Image Credit: Gulf News

Dubai: Three teenage suicides in the last two months in Dubai and the northern emirates have sent alarm bells ringing for all – parents, teachers and students. The tragedies make us ask many questions: Are we pushing our teens too hard? Are school pressures too high? Are parents becoming perfectionists who expect nothing but the best from their children? Or, is it that today’s teenagers are brought up to be emotionally too fragile?

Worldwide too, suicide has been identified as the third leading cause of death between the age of 10-24. According to the World Health Organisation (WHO), almost a million suicides take place annually around the world, of which nearly 200,000 occur among youngsters in the 15-25 age group. And the incidence of suicide among males is four times higher than for females.

Gulf News approached Mohammad Tahir, child, adolescent and adult psychiatrist and medical director at Health-Call, DHCC, Dubai, to throw light on what is driving teens in the UAE to take their own lives.

“Dubai is a developed world and it has a highly competitive atmosphere for both parents and children. Children have to compete with multicultural and multinational students and the challenges are varied. Parents have to work hard to provide a luxurious lifestyle for their children. So, quality time is virtually not available to families,” says Tahir. “The teens here, therefore, can end up being at a loose end, fending for themselves and, as a result, often veer into wrong directions, such as substance abuse and seeking out wrong friends. In the process, they get alienated from their family.”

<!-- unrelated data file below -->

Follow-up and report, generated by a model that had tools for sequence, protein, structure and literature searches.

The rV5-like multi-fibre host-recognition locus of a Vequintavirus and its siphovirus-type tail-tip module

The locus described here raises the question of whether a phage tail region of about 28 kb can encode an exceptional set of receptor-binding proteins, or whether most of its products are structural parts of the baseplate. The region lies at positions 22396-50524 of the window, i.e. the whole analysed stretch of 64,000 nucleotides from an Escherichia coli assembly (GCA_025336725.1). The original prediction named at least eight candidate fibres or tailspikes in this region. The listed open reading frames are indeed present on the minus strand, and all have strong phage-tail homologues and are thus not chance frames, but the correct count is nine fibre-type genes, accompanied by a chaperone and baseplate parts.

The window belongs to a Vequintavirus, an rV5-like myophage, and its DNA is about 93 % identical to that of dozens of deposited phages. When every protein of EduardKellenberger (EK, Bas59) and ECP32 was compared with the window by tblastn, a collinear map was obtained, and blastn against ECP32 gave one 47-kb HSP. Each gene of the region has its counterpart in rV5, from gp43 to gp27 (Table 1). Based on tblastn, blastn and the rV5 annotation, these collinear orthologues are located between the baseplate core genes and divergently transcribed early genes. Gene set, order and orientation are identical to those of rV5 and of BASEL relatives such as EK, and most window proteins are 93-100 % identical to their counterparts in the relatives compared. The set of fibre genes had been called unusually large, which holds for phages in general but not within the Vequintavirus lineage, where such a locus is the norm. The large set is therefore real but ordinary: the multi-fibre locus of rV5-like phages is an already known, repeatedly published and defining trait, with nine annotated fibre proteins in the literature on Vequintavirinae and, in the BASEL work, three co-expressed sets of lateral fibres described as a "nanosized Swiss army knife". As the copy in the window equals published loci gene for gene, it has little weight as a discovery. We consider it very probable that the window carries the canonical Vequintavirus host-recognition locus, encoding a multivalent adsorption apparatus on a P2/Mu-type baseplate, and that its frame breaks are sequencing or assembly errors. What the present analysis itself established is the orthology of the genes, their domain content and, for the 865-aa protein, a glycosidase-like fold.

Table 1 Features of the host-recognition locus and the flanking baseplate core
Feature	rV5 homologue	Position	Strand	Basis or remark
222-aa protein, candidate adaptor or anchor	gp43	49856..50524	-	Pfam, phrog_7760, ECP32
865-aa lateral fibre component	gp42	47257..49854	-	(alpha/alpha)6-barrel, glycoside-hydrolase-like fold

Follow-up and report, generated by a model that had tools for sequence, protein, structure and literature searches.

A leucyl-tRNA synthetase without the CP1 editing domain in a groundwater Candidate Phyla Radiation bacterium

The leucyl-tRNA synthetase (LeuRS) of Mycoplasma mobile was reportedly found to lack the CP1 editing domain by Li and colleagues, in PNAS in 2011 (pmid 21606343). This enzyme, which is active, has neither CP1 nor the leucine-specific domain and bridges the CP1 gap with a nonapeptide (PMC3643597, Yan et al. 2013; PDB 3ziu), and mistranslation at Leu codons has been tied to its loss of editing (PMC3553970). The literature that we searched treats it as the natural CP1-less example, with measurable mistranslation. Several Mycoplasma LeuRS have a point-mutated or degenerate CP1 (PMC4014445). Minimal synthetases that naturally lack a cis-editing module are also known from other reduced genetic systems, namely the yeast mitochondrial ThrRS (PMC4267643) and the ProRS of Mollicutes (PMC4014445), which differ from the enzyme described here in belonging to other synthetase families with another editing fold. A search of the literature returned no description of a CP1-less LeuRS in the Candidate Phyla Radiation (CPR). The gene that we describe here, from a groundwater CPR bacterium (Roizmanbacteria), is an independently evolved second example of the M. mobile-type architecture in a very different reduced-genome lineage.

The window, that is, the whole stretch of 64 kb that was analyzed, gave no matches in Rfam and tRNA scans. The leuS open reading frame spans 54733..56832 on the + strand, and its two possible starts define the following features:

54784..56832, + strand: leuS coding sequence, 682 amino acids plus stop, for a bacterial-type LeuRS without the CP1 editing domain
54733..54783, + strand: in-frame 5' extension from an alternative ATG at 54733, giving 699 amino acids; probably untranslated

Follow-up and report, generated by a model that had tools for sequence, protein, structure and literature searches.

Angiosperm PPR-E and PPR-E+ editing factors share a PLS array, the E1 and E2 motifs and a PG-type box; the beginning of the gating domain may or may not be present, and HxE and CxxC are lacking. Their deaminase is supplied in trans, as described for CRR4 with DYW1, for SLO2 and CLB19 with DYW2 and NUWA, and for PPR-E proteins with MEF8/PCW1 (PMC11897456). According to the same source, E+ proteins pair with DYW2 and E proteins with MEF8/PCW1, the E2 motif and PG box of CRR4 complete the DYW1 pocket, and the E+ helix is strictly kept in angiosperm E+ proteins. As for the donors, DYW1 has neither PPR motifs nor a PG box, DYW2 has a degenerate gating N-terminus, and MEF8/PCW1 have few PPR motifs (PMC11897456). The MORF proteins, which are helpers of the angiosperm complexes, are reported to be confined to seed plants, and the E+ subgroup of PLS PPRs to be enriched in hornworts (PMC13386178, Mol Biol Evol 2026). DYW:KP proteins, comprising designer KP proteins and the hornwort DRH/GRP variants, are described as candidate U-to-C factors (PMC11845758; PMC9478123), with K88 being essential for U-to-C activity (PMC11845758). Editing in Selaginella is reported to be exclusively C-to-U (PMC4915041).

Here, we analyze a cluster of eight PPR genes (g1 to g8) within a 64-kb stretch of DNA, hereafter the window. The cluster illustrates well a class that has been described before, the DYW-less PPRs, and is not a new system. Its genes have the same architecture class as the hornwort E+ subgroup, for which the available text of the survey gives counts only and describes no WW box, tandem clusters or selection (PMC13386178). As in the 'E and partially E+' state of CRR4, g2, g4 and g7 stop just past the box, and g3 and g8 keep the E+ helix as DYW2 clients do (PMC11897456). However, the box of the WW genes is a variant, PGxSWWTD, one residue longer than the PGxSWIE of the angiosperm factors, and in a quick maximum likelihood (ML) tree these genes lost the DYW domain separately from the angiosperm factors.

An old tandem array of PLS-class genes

Tahir also believes that the present times have a great impact on young minds. “Our world is rapidly changing,” he says. “Teenagers spend a lot of time on social media and connect with their peers worldwide and so they compare their condition with the rest of the world.” As a result of this comparison, they can react negatively to criticism by the community, parents or teachers.

However, among those teenagers who tend to have extreme reactions, some can possess the intention to harm themselves and a minor percentage actually develops the intent to kill themselves. “Those who have the intent to kill themselves are the ones to be watched,” says Tahir.

He highlights three types of teen mindsets:

Copycats: these are youngsters in search of glory and glamorise another suicide by someone in their age group and see it as a way of deliverance.

Escapists: youngsters who have so much mental anguish that the physical pain of taking their lives seems an attractive option to end the mental torture.

Teenagers with mood disorders : if your teenage son or daughter frequently oscillates between episodes of rage, hysteria and euphoria, he or she might be at risk.

Teenagers with emotional baggage: Children from broken homes or homes that have a family history of violence and abuse are vulnerable to emotional pressures.


So, what are the signs parents need to look out for in teens who are extremely sensitive?